July 10, 2016 at 1:01 am #102750
Here is a demo of the “Saving Planet Erph” mission script.August 29, 2016 at 12:47 am #102751
Small update. Main new thing is a tow truck service has been implemented for those times when you run out of gas out in deep space, and an EMF detector added to the Comms screen to give early warnings about imminent attacks.March 16, 2018 at 7:16 am #111152
Been awhile since I’ve posted here. Lots of changes for Space Nerds In Space since last I visited, too many to recall really. Lastest thing is Space Monsters.
Hmm, not sure I remember how to post videos on this forum, and I don’t see a preview button… Maybe it will recognize a plain link and do some magic.March 27, 2018 at 1:06 pm #111194
Just a little update about what’s been going on in Space Nerds for the last few weeks.August 1, 2018 at 9:06 am #111475
Here’s a development update from July 27, 2018:August 18, 2018 at 11:12 am #111490
Short dev update for mid-August 2018:January 11, 2019 at 1:29 pm #112394theAntiBobParticipant
The videos of the progress you’ve made on this is amazing… the gas giants are insanely impressive.
Incredibly inspiring, I love it!January 17, 2019 at 2:36 am #112409
Those gas giants are beautiful indeed! Thanks @smcameron for linking the reference article by the way.January 19, 2019 at 9:47 am #112414
Thanks theAntiBob and D.C.Elington. I made a little slide show about how the gas giants are made, and also I have put the gas giant program “gaseous-giganticus” into it’s own github repo now.
gaseous-giganticus repo: https://github.com/smcameron/gaseous-giganticus
Also, here’s a half-hour long video summarizing the last 6 years of development on Space Nerds IN Space:January 19, 2019 at 10:43 am #112420PinbackKeymaster
Great vid and that’s an amazing amount of work you put into the game over the six years.January 20, 2019 at 11:53 am #112421
Yes kudos for the great work indeed ^^
And thanks for the presentation, the “gradient to curl to velocity field” slide makes it appear almost “simple”! 😀 Again these textures you come to are just amazing.January 21, 2019 at 10:54 am #112440
By the way, there are now bootable x86-64 Arch linux live ISO images with Space Nerds in Space pre-built here:
So if your friends don’t run linux, you can slam that ISO on a bunch of flash drives and they don’t need to install linux.February 17, 2019 at 5:22 pm #112547
A bit of game play from last night at the local hackerspace:February 19, 2019 at 1:50 am #112552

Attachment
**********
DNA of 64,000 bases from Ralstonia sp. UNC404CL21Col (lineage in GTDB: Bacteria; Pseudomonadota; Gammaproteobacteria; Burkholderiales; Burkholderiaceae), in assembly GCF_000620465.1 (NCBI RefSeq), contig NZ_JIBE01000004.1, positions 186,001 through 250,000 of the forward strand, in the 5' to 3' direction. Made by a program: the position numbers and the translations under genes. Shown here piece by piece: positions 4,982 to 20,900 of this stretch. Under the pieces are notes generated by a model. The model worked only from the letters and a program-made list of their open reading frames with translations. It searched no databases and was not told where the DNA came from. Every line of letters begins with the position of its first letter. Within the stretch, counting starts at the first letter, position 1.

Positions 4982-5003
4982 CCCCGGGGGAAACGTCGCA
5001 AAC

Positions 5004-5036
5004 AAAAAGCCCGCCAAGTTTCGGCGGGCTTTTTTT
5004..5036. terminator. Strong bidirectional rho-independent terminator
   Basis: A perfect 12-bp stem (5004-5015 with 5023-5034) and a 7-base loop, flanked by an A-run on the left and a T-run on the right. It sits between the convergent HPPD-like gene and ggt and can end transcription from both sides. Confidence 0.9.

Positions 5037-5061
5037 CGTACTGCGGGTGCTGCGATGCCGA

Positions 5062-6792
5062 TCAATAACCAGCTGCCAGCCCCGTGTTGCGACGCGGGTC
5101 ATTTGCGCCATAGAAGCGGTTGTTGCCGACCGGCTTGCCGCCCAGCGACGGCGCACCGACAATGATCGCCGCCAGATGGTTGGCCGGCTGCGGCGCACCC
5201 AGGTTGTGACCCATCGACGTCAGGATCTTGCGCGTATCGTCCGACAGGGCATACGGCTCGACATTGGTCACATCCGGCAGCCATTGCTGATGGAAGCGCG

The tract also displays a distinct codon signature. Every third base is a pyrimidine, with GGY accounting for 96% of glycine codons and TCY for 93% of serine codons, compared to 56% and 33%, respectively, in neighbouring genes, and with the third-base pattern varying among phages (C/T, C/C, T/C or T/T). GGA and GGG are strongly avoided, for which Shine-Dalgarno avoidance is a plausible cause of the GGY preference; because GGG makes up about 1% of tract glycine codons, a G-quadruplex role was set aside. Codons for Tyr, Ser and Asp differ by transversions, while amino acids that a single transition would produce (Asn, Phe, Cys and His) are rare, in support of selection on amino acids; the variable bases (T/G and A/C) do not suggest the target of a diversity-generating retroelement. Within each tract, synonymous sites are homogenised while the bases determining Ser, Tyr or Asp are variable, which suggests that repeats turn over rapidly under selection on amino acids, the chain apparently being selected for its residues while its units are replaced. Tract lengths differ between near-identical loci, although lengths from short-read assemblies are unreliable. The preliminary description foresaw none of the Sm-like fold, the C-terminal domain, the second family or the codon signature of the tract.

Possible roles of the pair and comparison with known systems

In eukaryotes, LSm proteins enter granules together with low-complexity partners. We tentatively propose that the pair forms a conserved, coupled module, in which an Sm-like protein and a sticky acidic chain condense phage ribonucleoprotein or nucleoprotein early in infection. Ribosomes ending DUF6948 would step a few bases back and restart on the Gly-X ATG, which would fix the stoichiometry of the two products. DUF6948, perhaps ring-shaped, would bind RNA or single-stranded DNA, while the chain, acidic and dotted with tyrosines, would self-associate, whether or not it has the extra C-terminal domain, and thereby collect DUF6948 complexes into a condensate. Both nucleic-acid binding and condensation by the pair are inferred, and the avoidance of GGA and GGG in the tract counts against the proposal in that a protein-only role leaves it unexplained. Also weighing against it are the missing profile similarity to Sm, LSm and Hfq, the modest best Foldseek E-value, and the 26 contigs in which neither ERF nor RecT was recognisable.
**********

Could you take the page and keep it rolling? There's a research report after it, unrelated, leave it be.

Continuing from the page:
About the gameplay there are many people on the bridge ^^ so is the workload evenly balanced across all stations?February 19, 2019 at 9:10 am #112554
Some stations are more fun than others. Navigation and weapons are probably the most fun. Science isn’t too bad, but it’s basically scanning, which is selecting ships (so navigation can know where they are, and so weapons can know what phaser wavelength will be effective). Comms is kind of weak, mainly involves receiving messages from mission scripts so the crew knows what’s going on/what they’re supposed to be doing, and communicating with starbases and the ship’s mining bot, and controlling what’s on the “main screen” (The captain can request any screen in the game be mirrored by the main screen, and the comms guy can make this happen.) Comms also has access to type in commands to the ship’s computer, which via (somewhat sketchy) natural language processing, can make the ship do almost anything. (One time, after playing for a few hours and people were leaving, one guy stuck around and attempted to limp his nearly dead ship back to a star base using only comms and the computer — which was a kind of interesting and spontaneous apollo-13 like scenario — which was also doomed, because I don’t think it’s possible to dock with a starbase using *only* “the computer”, — though it probably should be.) Engineering and damage control can be kind of frustrating. There’s purposely not quite enough power and coolant to go around and run everything at the same time, and then when things get damage, stuff stops working quite right, and you’re scrambling around trying to drive/drift a repair robot around in the engine bay to repair all the systems and figure which one is most critical, and meanwhile the ship is likely being shot at and it could all end at any instant.
So… like I said, some stations are more fun than others. Dividing the duties up among stations like these bridge sims do is obviously somewhat artificial, as obviously there are plenty of space sims where no such division exists and single-pilot ships function just fine. And you *can* play this game solo, switching between stations as necessary (though it’s nowhere near as fun doing it that way.) Don’t know if that answers your question.
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